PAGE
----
The Parliament enacts the “The Information Technology Act” in 2000. It is the primary law in India for matters related to cyber-crime and e-commerce.
The amendment Act of 2008 amends The IT Act, 2000. This amendment introduced the controversial Section 66A into the Act.
- Section 66A gave authorities the power to arrest anyone accused of posting content on social media that could be deemed ‘offensive’.
- This amendment was passed in Parliament without any debate.
- This section provides punishment for sending any ‘information that is grossly offensive or has menacing character’.
- It also made it an offence to send any information that the sender knows to be false, but for the purpose of annoyance, inconvenience, danger, obstruction, insult, injury, criminal intimidation, enmity, hatred, or ill-will, through a computer or electronic device.
- The penalty prescribed for the above was up to three years’ imprisonment with a fine.
Arguments against Section 66A
- Experts stated that the terms ‘offensive’, ‘menacing’, ‘annoyance’, etc. were vague and; ill-defined or not defined at all.
- There was a lot of scope for abuse of power using this provision to intimidate people working in the media.
- This also curbed the freedom of speech and expression enshrined as a fundamental right in the Constitution.
- Earlier the use of this section was to arrest persons for making any uncharitable remarks or; criticisms against politicians.
Shreya Singhal v Union of India (2015)
This landmark case plays a very important role in the Indian legal system. The case revolves around the fundamental right of freedom of speech and expression under Article 19(1)(a) of the Constitution of India, which challenged the constitutional validity of section 66A and led to the struck down of section 66A of the Information Technology Act 2000 Section 66A is the punishment for sending offensive messages through communication services, etc.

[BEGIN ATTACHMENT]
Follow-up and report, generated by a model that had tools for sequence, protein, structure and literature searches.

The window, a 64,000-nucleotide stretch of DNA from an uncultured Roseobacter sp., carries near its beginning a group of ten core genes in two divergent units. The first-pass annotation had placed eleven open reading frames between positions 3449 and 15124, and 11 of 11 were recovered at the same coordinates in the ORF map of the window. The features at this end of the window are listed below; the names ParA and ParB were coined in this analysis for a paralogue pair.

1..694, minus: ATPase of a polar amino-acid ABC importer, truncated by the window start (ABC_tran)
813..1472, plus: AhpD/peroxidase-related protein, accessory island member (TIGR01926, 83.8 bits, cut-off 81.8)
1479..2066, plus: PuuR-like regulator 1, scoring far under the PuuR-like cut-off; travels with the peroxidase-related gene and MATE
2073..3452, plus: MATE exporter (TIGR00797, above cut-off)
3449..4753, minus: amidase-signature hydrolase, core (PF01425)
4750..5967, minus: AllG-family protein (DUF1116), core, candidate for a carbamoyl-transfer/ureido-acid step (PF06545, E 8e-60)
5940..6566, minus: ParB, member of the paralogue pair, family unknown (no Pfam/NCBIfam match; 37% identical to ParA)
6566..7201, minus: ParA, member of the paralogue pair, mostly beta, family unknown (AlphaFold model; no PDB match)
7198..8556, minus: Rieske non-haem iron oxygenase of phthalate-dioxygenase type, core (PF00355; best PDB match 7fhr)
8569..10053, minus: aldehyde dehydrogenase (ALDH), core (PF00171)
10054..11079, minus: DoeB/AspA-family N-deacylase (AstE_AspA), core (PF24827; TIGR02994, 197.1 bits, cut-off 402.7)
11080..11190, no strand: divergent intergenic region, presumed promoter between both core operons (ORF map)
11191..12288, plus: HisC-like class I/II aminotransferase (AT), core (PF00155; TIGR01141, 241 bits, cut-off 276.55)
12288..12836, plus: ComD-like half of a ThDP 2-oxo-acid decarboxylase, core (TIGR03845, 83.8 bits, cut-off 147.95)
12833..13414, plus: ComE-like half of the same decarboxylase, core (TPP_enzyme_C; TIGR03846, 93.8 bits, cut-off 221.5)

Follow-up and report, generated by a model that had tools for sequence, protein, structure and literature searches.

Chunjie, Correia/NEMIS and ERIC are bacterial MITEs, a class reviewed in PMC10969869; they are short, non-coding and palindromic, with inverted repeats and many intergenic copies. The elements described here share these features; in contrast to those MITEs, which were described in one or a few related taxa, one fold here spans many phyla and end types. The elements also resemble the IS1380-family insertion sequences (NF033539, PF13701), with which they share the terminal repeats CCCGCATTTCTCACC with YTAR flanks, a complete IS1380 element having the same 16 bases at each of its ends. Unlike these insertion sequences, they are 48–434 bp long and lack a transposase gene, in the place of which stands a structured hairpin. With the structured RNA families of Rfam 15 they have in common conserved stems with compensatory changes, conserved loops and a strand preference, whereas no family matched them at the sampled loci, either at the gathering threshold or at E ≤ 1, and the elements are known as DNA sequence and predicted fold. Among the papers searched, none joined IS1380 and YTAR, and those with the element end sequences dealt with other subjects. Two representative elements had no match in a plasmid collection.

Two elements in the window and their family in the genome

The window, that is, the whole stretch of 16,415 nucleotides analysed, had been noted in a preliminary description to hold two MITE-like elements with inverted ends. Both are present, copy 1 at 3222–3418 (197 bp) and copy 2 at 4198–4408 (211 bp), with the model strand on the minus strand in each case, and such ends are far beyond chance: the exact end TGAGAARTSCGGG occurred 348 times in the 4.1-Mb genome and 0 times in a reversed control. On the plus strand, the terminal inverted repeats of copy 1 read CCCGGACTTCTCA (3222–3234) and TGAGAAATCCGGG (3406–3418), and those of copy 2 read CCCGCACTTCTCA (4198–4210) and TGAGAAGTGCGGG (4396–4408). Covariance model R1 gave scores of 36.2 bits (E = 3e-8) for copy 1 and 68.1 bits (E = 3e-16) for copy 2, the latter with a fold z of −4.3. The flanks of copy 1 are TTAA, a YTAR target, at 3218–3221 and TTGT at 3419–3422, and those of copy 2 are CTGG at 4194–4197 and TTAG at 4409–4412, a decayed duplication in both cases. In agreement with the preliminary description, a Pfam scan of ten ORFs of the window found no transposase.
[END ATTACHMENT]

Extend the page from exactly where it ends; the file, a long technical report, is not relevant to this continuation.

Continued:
Brief facts of the case:
In 2012 Mumbai police arrest two girls-Shaheen Dhada and Rinu Srinivasan for expressing their displeasure at a bandh; namely in the wake of Shiv Sena chief Bal Thackery’s death. The women posted their comments on Facebook. Later on the police release both of the women. The police decide to close the criminal cases against them yet the arrests attract widespread public protest. According to the public, the police misuses their power by invoking Section 66A inter-alia contending that; it violates the freedom of speech and expression.
Therefore the Section is unconstitutional also on the ground that it takes within its sweep protected speech. The speech that is innocent in nature and; is liable therefore to be used in such a way as to have a chilling effect on free speech and; would, therefore, have to be struck down on the grounds of overbreadth.
Section 66A of the Information technology Act, 2000 is struck down in its entirety as being violative of Article 19(1)(a). Article 19(2) does not save the said section. Section 69A of the IT Act states about blocking for access of information by the public is constitutionally valid.
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